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  • George Sun

Inviting Indifference


By: George Sun.


Canada is known for its diverse community. Each year thousands of people from vastly different backgrounds find refuge in this country I call home. Canada encapsulates a wide spectrum of people. If you were to walk down a road in Vancouver, you would see the multitude of skyrises, condos, restaurants on every block you turn, and people with smiles on their faces. But obscured by these buildings, and hidden behind the seemingly perfect lifestyles, is the prevalent homelessness crisis.


Vancouver is home to over 600,000 people, and is advancing as both an industrial and technological powerhouse. With these improvements, housing in Vancouver has gotten more expensive, increasing by more than 15% in 2021 alone (Chan, 2021). As a result, the homelessness crisis has exacerbated, with over 2000 people living on the streets every day. The housing units several blocks away from my home, shelters in the East side, and the low-cost resources offered on a weekly basis, are a few measures aimed at ameliorating this current situation. Despite this, these campaigns have been largely inconsequential, seeing the numbers have only climbed. What concerns me the most is the attitude towards others simply because of their indifferences.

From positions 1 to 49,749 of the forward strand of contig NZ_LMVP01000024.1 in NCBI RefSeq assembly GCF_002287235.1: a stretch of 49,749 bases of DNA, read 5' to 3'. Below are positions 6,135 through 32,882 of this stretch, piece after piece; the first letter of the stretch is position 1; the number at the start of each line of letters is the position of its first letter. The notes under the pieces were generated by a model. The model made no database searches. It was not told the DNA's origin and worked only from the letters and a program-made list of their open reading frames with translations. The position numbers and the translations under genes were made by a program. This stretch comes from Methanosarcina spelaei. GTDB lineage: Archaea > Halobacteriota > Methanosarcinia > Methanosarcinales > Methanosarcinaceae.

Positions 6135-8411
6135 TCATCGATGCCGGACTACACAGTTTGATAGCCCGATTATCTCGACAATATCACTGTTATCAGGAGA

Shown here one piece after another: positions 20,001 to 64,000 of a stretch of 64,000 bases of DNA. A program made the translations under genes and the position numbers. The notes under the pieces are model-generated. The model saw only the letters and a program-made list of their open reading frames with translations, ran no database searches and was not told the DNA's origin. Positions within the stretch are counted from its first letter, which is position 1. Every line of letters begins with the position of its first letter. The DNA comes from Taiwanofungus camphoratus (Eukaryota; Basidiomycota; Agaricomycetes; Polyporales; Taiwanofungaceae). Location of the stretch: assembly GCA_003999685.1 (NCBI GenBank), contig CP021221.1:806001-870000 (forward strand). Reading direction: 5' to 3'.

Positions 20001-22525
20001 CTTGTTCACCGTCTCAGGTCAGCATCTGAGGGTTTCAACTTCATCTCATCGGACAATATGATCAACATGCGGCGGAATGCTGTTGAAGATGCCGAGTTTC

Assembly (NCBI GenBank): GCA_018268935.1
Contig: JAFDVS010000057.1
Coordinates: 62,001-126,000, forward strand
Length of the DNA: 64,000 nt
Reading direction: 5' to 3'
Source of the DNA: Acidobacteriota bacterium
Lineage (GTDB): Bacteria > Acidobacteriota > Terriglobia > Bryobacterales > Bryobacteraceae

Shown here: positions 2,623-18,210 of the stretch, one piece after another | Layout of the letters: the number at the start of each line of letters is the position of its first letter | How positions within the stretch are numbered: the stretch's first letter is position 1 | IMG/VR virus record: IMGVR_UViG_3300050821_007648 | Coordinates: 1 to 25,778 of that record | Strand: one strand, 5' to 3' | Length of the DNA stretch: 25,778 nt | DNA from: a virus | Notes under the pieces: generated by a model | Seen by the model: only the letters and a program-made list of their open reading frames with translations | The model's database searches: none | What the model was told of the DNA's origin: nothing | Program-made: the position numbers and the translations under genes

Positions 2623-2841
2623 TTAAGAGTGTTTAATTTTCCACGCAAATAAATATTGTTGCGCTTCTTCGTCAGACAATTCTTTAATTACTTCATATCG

The time I spent at the soup kitchen was short, but what I learned was invaluable. Behind each wrinkle and smile, I felt a warm heart from everybody I met. In each conversation I had with the homeless, I learned their stories: regrets, and sorrows, to triumphs, and success. I realized that despite their appearance, background and belief, all of them had a longing to better this world we live in. That morning, as I offered a care package to everyone leaving, I saw each person departing with a new face – a face knowing that behind the indifference, there is hospitality.



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